Wednesday, October 27, 2010

Reflections on the 2000 World Fantasy Convention

With this year's World Fantasy Convention quickly approaching [alas, I won't be attending....], I began to reminisce about past WFCs -- and concluded that possibly my most memorable WFC was in 2000 in Corpus Christi, Texas, on October 26-29. The Author Guests of Honor were K. W. Jeter and John Crowley, the Artist GoH was Charles Vess (whose wonderful art graced the cover of the convention book, pictured at the left), and the Toastmaster was Joe R. Lansdale hisownself.

But regarding these memories, I'm specifically referring to positive memories; my worst convention -- ever! -- was the World Fantasy Con in Montreal the following year. Let's just say it put me off toward Canada and I have never returned, nor do I intend to. But don't get me started on that con....[though maybe I will blog about it one of these days....]

When I think of WFC 2000 in Corpus Christi, a number of names come immediately to mind, and all for specific reasons for which I will elaborate: Andy Duncan, Jeffrey Ford, John Picacio, Michael Moorcock, and Gordon Van Gelder.

Andy Duncan:

Andy's first short story collection -- and first book -- Beluthahatchie and Other Stories, was published by Golden Gryphon Press in time for the 2000 World Fantasy Con. Though at the time I was acquiring and editing for GGP, I wasn't involved with the publication of Andy's book. Nevertheless, I was intrigued with Andy's writing and made certain to attend his reading on Friday at 2:30 pm. Andy read from his story "Lincoln in Frogmore," about President Lincoln's visit to the town just after the slaves were freed, as told in 1936 by a man who remembers the event. [The story is available online courtesy of] As I listened to Andy read, I was amazed at how well he voiced a Southern drawl to portray the protagonist in the story. At the end of the reading, someone in the audience asked a question -- and when Andy responded I realized that his drawl wasn't simply for effect during the story: he really did talk that way!

By the way, at the WFC the following year, in Montreal, Andy was honored with a pair of matching bookends: a World Fantasy Award for best collection for Beluthahatchie and Other Stories, and a second award for best short fiction for "The Pottawatomie Giant." [Note: Since I did mention that the 2001 Montreal WFC was my worst con ever, I wanted to add that Andy Duncan's award wins were, in fact, one of the highlights of that convention for me.]

Jeffrey Ford:

In addition to wanting to meet Andy Duncan, I also attended this convention with the specific intent to meet Jeffrey Ford. I was already a fan of his fiction, having read "At Reparata" and "Pansolapia" online on Event Horizon, "Malthusian's Zombie" online on SCI FICTION, and "The Fantasy Writer's Assistant" in Fantasy & Science Fiction. Jeff's reading was also on Friday, though earlier in the morning, at 10:00 am. Jeff chose to read a new story, "Creation," which hadn't as yet been sold. What can I say? "Creation" -- particularly Jeff's reading of the story -- absolutely knocked me out. After listening to that story, I knew that he was a writer to watch, and I wanted to be the editor to snag his first collection. So after Jeff's reading, I introduced myself and complimented him on "Creation," and then told him straight up that I wanted to publish his first short story collection. I won't go into further details at this point other than to say that it took a few months for the collection to come together -- Jeff's New York publisher had "first look," so we had to wait for the publisher to pass on the collection.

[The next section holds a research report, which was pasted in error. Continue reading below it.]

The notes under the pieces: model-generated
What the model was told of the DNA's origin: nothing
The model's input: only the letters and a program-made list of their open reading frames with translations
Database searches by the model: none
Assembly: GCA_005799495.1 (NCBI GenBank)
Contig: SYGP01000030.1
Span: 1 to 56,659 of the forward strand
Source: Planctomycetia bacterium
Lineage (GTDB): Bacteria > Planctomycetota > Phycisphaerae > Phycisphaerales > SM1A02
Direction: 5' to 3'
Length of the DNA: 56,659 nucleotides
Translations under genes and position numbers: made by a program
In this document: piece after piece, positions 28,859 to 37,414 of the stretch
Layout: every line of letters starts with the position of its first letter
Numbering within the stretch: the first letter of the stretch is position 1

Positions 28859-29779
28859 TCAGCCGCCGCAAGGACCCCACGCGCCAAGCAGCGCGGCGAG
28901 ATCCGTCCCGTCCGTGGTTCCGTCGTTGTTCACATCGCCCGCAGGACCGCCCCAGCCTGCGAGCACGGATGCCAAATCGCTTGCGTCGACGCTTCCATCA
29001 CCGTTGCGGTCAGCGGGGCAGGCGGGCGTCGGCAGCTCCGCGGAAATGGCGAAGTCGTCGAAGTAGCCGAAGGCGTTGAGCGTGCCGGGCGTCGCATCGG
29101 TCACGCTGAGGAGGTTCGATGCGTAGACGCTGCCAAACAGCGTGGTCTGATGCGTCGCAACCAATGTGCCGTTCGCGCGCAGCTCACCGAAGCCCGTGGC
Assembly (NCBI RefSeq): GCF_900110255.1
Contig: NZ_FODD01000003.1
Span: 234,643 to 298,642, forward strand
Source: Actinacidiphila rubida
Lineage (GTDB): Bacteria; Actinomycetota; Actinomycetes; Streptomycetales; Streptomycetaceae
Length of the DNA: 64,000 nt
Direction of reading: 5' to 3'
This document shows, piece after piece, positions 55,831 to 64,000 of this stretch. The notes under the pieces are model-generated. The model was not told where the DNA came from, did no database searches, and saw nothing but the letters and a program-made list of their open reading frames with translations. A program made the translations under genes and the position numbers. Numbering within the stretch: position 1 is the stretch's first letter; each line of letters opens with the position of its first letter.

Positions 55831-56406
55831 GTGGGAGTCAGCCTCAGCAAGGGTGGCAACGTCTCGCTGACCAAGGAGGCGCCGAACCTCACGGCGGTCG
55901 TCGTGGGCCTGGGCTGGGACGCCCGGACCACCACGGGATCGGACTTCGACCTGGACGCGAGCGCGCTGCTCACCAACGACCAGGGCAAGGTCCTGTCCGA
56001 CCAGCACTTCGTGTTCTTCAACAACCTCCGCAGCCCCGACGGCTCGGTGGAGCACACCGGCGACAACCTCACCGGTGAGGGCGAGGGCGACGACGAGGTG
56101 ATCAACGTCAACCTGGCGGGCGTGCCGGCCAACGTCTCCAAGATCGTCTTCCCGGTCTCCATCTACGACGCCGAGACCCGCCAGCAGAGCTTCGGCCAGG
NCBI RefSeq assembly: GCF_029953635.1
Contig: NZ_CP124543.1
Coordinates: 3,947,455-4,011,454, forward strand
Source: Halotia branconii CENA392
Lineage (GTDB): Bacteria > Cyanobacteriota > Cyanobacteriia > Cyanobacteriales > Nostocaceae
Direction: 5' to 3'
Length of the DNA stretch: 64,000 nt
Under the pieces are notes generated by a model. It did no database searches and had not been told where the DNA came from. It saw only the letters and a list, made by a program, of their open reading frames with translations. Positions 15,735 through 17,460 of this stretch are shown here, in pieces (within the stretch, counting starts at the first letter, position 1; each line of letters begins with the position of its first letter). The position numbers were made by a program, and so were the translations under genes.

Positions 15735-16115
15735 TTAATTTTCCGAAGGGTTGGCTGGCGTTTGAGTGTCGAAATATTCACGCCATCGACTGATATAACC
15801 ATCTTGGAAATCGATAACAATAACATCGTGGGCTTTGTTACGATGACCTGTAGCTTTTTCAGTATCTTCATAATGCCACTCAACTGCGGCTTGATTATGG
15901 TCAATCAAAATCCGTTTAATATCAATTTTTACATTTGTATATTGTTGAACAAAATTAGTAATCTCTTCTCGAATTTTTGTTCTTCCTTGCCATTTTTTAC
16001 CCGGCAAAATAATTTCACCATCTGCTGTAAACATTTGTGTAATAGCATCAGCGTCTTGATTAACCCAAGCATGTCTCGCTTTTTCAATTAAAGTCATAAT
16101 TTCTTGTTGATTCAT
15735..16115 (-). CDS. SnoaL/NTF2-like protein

The Fantasy Writer's Assistant and Other Stories was published by Golden Gryphon Press in August 2002. FWA received a starred review in Publishers Weekly and was later selected as one of PW's best SF/F books of the year. And, at the 2003 World Fantasy Convention in Washington, DC, Jeffrey Ford, like Andy Duncan, was honored with a pair of matching bookends: a World Fantasy Award for best collection for The Fantasy Writer's Assistant and Other Stories and a second award for best short fiction for -- what else? -- "Creation."

Friday, October 15, 2010

Is Anybody Out There? -- Recent Reviews

As I've posted previously, and you may have read elsewhere, this year marks the 50th anniversary of the SETI program: the search for extraterrestrial intelligence. And unlike movies such as Close Encounters of the Third Kind or E.T. or Independence Day, scientists have as yet discovered no sign, good or ill, of extraterrestrial intelligence. But now that 50 years have passed with no such sign, these very same scientists are beginning to rethink their methodology.

"Alien hunters should look for artificial intelligence" is the title of an article by Jason Palmer, a science and technology reporter, for the BBC News. (via @daj42) The article includes an audio link to a 3-minute, 30-second recording by Dr. Seth Shotak on "what form 'aliens' may take." Dr. Shostak is a senior astronomer at the SETI Institute in Mountain View, California, and he "argues that the time between aliens developing radio technology and artificial intelligence (AI) would be short....that the odds favour detecting such alien AI rather than 'biological' life."

This comment on "alien AI" brought to mind one of the stories included in my co-edited anthology Is Anybody Out There? (with Nick Gevers, from Daw Books, June 2010), which includes the story "A Waterfall of Lights" by Ian Watson. In the story, ophthalmologist Roderick Butler (who teamed up with an artist to create an experimental project at the Museum of Modern Art), says to the visitors on opening night: "...let me introduce you to the aliens in our midst, the super-intelligent evolved immortal creations of aliens from another cosmos which preceded ours! They are in your very own eyes! We don’t see the aliens in our universe because it is through those alien intelligences that we perceive!"

To paraphrase Walt Kelly's Pogo comic strip, "We have met the aliens, and they are us."

Last month, Ray Vukcevich (@rayvuk), one of the contributors to the anthology, sent me a link to yet another BBC News article, which revealed the Top 10 "unanswerable" questions. The data was based on approximately 1.1 billion queries made on the Ask Jeeves search engine since its launch in 2000. Amongst questions like "What is the meaning of life?" (#1) and "Do blondes have more fun?" (#4) and "What is love?" (#7), can be found question #5: "Is there anybody out there?"

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Tuesday, October 12, 2010

Howard Jacobson on Comic Novels